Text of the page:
List of Banks That Cash Savings Bonds + How to Do It Electronically

Most major banks cash savings bonds, so you should be able to redeem a savings bond at your local bank. In fact, more than 95% of savings bonds are cashed at local banks and credit unions, according to TreasuryDirect, a government website.

You cannot, however, cash Series HH savings bonds at a bank. Series HH savings bonds must be redeemed through the Department of the Treasury (for more details, see the next section).

We contacted the following national and regional banks to confirm that they cash savings bonds:

National Banks

  • Bank of America
  • BB&T
  • Chase Bank
  • Citi Bank
  • Fifth Third Bank
  • PNC Bank
  • SunTrust Bank
  • TD Bank
  • U.S. Bank
  • Wells Fargo

Regional Banks

  • Centennial Bank (locations in Arkansas, Alabama, Florida, and New York)
  • East West Bank (locations in California, Georgia, Massachusetts, Nevada, New York, Texas, and Washington)
  • First Merchants Bank (locations in Indiana, Illinois, Michigan, and Ohio)
  • Flagstar Bank (locations across the Midwest)
  • People’s United Bank (locations in Connecticut, Maine, Massachusetts, New Hampshire, New York, and Vermont)

Keep in mind, almost all of the banks listed above only cash savings bonds for account holders. Of the banks we contacted, only Chase and TD Bank will cash a savings bond for non-account holders; non-account holders can cash savings bonds up to $1,000.

Bank representatives also told us you may be required to show two forms of ID to cash a savings bond.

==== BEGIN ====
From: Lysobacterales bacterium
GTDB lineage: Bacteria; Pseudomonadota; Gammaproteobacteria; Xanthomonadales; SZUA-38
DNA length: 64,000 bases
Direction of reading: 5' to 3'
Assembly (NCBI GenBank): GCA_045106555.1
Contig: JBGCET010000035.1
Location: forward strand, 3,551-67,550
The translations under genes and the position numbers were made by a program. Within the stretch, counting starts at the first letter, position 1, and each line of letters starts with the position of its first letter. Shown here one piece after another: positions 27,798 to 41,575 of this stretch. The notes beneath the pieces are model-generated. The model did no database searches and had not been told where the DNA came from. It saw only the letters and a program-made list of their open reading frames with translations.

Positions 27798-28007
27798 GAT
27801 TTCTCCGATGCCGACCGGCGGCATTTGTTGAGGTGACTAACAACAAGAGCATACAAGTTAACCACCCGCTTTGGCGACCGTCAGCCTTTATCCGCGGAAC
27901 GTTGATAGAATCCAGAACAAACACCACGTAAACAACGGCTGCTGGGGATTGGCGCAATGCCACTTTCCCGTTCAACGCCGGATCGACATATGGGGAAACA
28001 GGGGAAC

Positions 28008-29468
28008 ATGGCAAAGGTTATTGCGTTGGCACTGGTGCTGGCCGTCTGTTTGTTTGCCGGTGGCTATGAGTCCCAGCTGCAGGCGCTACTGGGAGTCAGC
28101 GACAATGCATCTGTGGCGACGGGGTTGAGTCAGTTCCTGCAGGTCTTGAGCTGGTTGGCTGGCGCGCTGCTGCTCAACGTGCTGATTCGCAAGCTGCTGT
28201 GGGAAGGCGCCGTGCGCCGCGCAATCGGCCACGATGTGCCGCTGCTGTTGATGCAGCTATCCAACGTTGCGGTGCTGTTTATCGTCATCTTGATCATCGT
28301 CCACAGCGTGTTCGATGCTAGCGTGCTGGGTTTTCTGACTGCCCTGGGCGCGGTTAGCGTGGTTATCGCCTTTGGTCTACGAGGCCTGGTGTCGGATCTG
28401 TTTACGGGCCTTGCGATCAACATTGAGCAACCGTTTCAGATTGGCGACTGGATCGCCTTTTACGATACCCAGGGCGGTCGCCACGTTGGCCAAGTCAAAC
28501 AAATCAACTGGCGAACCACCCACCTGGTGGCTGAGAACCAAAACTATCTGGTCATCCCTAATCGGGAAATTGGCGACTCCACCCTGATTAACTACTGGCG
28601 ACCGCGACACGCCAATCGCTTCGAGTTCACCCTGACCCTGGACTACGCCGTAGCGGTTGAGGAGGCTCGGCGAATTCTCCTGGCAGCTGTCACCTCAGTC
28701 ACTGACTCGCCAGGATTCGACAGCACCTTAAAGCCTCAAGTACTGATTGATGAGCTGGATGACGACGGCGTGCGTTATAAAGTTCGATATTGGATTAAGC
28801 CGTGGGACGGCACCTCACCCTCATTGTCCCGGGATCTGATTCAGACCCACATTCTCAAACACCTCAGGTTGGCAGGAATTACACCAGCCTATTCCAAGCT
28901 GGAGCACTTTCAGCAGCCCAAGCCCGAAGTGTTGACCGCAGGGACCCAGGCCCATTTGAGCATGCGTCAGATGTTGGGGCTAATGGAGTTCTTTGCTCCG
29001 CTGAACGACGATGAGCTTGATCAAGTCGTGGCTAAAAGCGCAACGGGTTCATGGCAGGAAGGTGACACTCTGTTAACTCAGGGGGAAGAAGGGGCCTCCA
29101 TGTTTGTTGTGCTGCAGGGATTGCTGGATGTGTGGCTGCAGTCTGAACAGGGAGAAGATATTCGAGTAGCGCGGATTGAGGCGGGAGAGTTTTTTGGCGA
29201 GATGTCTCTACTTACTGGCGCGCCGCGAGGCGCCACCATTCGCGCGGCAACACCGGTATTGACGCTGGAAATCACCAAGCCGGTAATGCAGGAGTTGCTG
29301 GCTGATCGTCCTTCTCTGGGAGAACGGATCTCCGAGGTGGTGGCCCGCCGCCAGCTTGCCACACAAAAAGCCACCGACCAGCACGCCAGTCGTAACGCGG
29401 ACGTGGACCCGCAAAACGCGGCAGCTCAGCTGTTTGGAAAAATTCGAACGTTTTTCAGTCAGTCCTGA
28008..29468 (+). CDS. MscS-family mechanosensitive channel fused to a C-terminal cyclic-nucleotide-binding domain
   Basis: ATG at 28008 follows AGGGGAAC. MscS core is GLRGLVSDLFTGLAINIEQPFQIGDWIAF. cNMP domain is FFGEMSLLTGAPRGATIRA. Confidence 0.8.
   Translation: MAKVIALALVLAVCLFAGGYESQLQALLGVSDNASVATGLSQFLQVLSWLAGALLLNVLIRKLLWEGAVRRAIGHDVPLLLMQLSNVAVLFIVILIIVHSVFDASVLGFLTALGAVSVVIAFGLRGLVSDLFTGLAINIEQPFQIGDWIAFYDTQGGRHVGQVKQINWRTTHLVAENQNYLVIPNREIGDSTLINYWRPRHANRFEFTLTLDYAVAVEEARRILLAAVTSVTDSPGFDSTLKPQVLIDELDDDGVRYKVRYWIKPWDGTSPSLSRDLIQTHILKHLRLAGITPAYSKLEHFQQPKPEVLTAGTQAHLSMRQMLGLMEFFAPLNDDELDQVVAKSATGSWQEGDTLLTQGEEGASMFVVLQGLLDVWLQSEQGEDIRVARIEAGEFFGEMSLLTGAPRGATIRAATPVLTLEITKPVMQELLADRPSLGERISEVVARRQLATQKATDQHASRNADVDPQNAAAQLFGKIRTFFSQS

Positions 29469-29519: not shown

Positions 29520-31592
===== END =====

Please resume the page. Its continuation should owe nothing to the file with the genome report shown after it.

Wondering if you can cash a savings bond at Walmart? See our article for details.

Banks That Don’t Cash Savings Bonds

The following banks said they do not cash savings bonds:

  • Capital One
  • Bank OZK (locations in Alabama, Arkansas, California, Florida, Georgia, Mississippi, New York, North Carolina, South Carolina, and Texas)

How to Redeem a Savings Bond

If you have a savings bond to redeem, it’s likely a Series EE savings bond, Series I savings bond, or Series HH savings bond. Series I and Series HH savings bonds were issued as paper bonds. (Series I savings bonds are now only available electronically; Series HH savings bonds are no longer issued.) Series EE savings bonds are issued and redeemed electronically.

You can cash a savings bond any time after 12 months from the purchase date. However, if you cash out a bond before five years have passed, you will lose three months of interest as an early withdrawal penalty. Series EE savings bonds and Series I savings bonds will continue earning interest for up to 30 years, while Series HH savings bonds earn interest for 20 years.

In general, paper savings bonds are no longer issued. There are, however, two exceptions:

How to Redeem a Savings Bond Electronically

To redeem a savings bond electronically, log in to your TreasuryDirect account. Your account should already be linked to a bank account. TreasuryDirect will credit your account with the funds within two business days.

How to Redeem a Savings Bond by Mail

To redeem a Series HH savings bond (or a Series 1 savings bond not accepted by your local bank), you’ll need to complete FS Form 1522 and mail the completed form along with the savings bond to the Department of the Treasury at:

Treasury Retail Securities Services
P.O. Box 214
Minneapolis, MN 55480-0214

On the form, you’ll include information for direct deposit.

Note: FS Form 1522 requires a seal or stamp from a U.S. Treasury-recognized Signature Guarantee Program. The Treasury will not accept your signature if the form is notarized instead. (To find out about signature guarantee costs and services and whether or not Chase and Bank of America have them, see our related articles.)


  • Jay Newman says:

    Thank you for posting this very valuable information regarding U.S. Savings Bonds. It answered my questions that I have about the possible redemption of my very old savings bonds.

    Jay Newman

    • Lindsey Desmet says:
      First Quarter Finance logostaff

      Thank you, Jay! We’re glad to hear that you found our article helpful!